Pieter Yates

by


Pieter Yates was born in January 1727. He was the son of Albany natives Christoffel and Catalina Winne Yates. He was a younger son in a large family raised in a blacksmith's home in the second ward. He was named for his maternal grandfather - the patriarch of the Winne family.

Like his more famous, slightly older brother, this Pieter Yates rose from modest beginnings to prominence - although, like many other Albany boys, he found success beyond the city limits.

About 1749, he married Sara Van Alsytne. By 1767, seven children had been christened at the Albany Dutch church.

Like his father, he was a smith who raised his family in a good house in the third ward. In 1763, his name was included on a list of Albany freeholders. In 1764, he signed a petition from Albany businessmen regarding the fur trade. In 1766, he signed the constitution of the Albany Sons of Liberty.

During the 1750s and 60s, he performed services for the city government and sought and received additional lots near Foxes Creek.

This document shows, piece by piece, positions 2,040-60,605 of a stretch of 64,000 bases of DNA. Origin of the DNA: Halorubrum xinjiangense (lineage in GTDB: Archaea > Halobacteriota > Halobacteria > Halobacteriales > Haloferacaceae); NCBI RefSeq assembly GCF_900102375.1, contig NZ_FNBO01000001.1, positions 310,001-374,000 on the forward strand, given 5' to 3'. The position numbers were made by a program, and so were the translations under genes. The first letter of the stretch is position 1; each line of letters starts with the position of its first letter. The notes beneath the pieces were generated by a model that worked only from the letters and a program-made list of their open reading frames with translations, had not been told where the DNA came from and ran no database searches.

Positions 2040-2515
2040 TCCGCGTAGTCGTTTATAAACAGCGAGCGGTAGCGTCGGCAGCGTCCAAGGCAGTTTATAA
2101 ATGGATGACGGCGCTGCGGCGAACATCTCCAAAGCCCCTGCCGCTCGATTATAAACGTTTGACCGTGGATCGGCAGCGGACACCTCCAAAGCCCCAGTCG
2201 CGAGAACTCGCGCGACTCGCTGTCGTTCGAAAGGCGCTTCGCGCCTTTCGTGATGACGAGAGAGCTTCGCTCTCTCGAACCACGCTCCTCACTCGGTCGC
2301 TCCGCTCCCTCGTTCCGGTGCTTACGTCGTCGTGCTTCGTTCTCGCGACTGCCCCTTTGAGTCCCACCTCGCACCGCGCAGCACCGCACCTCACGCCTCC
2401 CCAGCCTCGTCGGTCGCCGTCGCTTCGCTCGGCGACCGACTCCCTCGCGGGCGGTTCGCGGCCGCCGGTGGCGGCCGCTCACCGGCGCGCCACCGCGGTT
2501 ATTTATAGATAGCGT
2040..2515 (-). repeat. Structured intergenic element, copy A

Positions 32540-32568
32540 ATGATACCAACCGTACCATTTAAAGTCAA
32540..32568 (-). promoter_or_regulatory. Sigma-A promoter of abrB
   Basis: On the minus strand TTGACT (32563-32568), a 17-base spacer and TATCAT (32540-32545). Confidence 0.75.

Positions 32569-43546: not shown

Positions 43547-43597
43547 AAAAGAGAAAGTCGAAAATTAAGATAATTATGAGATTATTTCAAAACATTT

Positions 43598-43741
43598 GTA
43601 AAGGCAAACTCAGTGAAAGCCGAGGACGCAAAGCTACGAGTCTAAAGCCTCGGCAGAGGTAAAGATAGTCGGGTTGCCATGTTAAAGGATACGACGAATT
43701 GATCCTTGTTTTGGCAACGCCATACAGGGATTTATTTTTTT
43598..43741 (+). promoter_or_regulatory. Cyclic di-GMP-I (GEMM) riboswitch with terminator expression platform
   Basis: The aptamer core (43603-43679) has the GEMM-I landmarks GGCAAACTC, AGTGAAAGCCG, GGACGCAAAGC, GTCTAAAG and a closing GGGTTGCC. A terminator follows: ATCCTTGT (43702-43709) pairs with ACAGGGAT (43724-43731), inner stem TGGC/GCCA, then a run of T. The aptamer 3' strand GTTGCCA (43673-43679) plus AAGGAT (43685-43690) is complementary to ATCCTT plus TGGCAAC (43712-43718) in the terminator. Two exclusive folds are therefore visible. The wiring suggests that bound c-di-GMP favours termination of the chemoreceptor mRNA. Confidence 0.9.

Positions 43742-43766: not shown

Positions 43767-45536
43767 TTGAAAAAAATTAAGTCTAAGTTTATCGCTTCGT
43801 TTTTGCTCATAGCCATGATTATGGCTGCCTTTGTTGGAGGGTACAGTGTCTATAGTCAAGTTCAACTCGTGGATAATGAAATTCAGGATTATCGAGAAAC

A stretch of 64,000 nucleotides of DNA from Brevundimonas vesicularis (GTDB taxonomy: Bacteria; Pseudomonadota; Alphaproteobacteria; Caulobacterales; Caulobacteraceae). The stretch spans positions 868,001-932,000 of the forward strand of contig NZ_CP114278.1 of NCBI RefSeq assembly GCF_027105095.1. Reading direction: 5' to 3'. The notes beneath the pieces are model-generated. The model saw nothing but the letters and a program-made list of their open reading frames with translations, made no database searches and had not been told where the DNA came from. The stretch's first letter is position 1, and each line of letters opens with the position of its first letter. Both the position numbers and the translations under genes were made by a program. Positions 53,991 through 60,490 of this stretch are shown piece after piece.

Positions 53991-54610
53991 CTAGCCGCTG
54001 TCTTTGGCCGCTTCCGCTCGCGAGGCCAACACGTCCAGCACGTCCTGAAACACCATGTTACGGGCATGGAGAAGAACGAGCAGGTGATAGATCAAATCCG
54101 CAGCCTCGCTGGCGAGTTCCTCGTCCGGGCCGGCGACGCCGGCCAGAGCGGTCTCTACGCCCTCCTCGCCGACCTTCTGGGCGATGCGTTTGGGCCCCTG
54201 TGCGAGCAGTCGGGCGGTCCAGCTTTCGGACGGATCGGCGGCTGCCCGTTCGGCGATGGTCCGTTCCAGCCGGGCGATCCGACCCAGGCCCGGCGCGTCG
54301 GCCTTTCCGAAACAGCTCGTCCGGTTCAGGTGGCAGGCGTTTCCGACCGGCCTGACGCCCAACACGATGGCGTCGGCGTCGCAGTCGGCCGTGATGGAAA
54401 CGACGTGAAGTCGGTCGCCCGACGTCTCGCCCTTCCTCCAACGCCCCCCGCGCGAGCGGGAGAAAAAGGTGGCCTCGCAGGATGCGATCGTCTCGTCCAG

As early as the 1770s, he seems to have left Albany. He relocated to Schaghticoke where he lived on a farm for the rest of his life. From the early days of the war, he was an officer in the Revolutionary army and commanded a regiment of the Albany County militia. He was known as "Colonel Peter Yates."

In 1800, his household was enumerated on the Schaghticoke census with one younger man and seven slaves.

Pieter Yates filed a will in Rensselaer County on August 15, 1807. It left a very substantial estate (mostly farm lands) to his children. His wife, Sara, was not mentioned in the will. However, provision was made for his "present wife" whom he married in October 1796. "Col." Pieter Yates died in September 1807. In 1809, his vacant lot on Columbia Street was valued on the third ward assessment roll as the property of the "heirs of Peter Yates of Schaghticoke - a non resident).


biography in-progress


notes

the people of colonial Albany Sources: The life of Pieter Yates is CAP biography number 4429. This sketch is derived chiefly from family and community-based resources.




first posted: 9/25/07